Pink: Great point. I think we need a lot more “yes, but” teaching.
You’ve also made a very strong and compelling argument that what might be most important is learning how to learn. How can schools equip more kids with this capacity?
Friedman: Ultimately that almost becomes a psychologist’s question:
How do you stimulate curiosity? I will learn how to learn if I’m curious.
Pink: But if there’s a curiosity deficit, that’s peculiar. Kids
seem hardwired to explore and investigate. Something happens to them along the way.
Friedman: We beat it out of them.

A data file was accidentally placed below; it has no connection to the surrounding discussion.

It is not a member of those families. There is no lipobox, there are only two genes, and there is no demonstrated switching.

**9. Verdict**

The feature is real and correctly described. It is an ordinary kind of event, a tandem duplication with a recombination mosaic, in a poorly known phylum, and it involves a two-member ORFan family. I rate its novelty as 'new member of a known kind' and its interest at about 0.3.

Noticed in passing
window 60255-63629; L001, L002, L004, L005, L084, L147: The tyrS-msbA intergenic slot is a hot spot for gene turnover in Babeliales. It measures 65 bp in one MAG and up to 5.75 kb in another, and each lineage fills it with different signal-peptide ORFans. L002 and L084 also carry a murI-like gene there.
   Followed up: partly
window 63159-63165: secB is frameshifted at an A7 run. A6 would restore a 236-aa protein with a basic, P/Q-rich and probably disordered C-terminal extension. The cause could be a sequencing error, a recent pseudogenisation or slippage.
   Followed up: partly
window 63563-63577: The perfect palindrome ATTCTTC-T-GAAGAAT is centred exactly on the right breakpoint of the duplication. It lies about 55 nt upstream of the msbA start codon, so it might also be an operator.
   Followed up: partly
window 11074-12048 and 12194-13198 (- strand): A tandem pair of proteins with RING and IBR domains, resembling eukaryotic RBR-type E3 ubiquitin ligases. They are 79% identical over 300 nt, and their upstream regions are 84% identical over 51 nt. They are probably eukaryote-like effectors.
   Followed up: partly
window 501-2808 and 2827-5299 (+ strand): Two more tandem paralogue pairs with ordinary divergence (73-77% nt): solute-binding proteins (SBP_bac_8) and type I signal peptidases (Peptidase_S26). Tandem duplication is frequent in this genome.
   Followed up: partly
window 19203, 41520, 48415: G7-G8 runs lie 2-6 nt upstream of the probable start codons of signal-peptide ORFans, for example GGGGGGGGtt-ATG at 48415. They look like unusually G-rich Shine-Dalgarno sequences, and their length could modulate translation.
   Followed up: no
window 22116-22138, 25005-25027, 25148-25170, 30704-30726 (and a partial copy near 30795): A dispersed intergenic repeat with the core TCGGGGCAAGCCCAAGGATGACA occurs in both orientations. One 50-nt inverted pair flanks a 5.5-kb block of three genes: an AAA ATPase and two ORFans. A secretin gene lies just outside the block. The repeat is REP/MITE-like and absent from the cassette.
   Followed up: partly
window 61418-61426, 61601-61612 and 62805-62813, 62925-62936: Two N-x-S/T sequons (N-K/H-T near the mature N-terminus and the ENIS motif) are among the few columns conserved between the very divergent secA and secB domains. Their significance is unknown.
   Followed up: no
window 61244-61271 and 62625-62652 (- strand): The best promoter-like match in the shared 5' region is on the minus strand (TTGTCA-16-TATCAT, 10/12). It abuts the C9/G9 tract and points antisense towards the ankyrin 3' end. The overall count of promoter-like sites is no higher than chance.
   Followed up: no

Pink: When you say “we,” whom do you mean? Teachers? Principals? Parents?
Friedman: Well, the system. I don’t want to blame anyone. Because
of the walls and the silos we’ve built in, to be curious that means you’ve got to cut across them. Curiosity is all horizontal, but specialties are vertical. And specialties protect themselves. So if I can’t move horizontally to take me where my curiosity is taking me, I have got a real problem.
Friedman: We could be doing better.
As you know, my equation is CQ + PQ > IQ. Curiosity Quotient
plus Passion Quotient is more important than Intelligence Quotient.
Pink: Amen. You show me a curious, intrinsically motivated kid —
and I’ll show you someone who’ll leave the kid who merely complies with the rules and studies for the SAT in the dust.